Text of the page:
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americans in 39 states depend on healthcare.gov to purchase insurance during open enrollment. this past year over 8.4 million plans were made on this website. over the past two years, the department of health and human ervices has aflounced ol healthcare.gov for up to 12 hours every sunday during open enrollment. i'm an engineer. i understand the complexity of this website and heavy volume of users which means routine maintenance is necessary even during open enrollment. however, i want to ensure that h.h.s. can ensure that this maintainance is conducted in a way that has the least impath on consumers. families need a.m. will time to choose. should we make sure that enrollment is not being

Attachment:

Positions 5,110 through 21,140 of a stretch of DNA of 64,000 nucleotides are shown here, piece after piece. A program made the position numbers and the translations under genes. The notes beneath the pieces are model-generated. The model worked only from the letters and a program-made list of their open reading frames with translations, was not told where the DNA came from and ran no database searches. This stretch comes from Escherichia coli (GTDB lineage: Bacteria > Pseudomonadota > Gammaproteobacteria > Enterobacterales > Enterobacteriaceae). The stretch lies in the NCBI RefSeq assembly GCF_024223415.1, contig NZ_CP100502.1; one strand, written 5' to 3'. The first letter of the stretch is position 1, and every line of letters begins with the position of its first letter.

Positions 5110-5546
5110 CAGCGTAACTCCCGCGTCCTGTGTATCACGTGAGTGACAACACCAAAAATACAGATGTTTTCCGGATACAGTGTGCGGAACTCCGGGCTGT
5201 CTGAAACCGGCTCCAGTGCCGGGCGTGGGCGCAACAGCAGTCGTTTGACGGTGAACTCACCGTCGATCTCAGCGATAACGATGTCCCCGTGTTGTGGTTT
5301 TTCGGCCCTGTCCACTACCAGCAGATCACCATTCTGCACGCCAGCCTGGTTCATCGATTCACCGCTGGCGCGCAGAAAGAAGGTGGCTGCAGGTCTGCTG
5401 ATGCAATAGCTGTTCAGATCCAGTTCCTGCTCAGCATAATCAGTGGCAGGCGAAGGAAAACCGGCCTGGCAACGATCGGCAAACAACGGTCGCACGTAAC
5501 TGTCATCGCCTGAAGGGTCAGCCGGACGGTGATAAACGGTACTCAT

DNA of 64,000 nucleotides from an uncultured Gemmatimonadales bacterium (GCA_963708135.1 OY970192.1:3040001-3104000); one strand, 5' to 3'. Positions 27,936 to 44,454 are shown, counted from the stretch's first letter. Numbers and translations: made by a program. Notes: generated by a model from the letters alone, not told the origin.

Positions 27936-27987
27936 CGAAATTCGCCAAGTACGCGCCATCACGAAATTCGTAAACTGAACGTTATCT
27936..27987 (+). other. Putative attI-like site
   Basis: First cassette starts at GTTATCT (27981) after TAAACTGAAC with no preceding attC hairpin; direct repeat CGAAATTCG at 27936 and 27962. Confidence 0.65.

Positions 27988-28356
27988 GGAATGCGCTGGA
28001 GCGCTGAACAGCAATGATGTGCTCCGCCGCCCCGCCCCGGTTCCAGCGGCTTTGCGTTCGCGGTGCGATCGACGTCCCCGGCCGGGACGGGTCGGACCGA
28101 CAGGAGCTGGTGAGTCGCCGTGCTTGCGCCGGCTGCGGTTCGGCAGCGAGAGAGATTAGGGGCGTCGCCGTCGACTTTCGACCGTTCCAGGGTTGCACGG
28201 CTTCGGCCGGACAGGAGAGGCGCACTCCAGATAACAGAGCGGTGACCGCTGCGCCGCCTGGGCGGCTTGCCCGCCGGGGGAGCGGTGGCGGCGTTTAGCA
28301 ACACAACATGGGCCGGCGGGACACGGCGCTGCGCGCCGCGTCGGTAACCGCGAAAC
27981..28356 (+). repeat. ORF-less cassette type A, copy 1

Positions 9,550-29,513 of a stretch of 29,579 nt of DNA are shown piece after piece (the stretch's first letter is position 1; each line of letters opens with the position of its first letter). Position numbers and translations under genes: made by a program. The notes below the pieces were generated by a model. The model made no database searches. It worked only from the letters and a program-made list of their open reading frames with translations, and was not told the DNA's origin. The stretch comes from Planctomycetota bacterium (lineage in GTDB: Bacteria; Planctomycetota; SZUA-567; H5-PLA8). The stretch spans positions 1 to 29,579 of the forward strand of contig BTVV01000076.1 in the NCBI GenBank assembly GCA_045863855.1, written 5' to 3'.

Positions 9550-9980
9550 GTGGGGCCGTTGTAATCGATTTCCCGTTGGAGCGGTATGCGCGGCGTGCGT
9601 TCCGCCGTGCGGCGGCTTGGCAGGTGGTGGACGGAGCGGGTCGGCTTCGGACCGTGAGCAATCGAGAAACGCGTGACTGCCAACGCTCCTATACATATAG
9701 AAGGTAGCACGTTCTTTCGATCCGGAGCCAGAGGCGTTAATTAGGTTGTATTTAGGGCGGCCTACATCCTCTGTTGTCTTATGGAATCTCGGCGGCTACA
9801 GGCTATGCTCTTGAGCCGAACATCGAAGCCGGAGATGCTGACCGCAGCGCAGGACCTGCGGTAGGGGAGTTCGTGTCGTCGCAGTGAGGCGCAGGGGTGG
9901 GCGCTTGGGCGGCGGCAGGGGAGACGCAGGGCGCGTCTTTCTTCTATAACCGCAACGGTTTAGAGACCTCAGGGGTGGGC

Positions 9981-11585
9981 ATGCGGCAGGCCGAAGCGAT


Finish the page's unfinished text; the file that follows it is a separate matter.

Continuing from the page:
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negatively impacted. my requirement would determine if healthcare.gov outages are having a negative impact. they say they schedule them during low site traffic. when i'm using the online exchange to purchase my insurance each year, i try to do it on a sunday when i have free time. this may be an anomaly. we need to figure this out. what the g.a.o. study would provide is clarity on the best time. this would make sure that h.h.s. is doing right by americans as they navigate the complex process of buying health insurance. mr. chairman, i urge a yes vote on this amendment and i reserve the balance of my time. the chair: the gentleman from illinois reserves. the gentleman from oregon.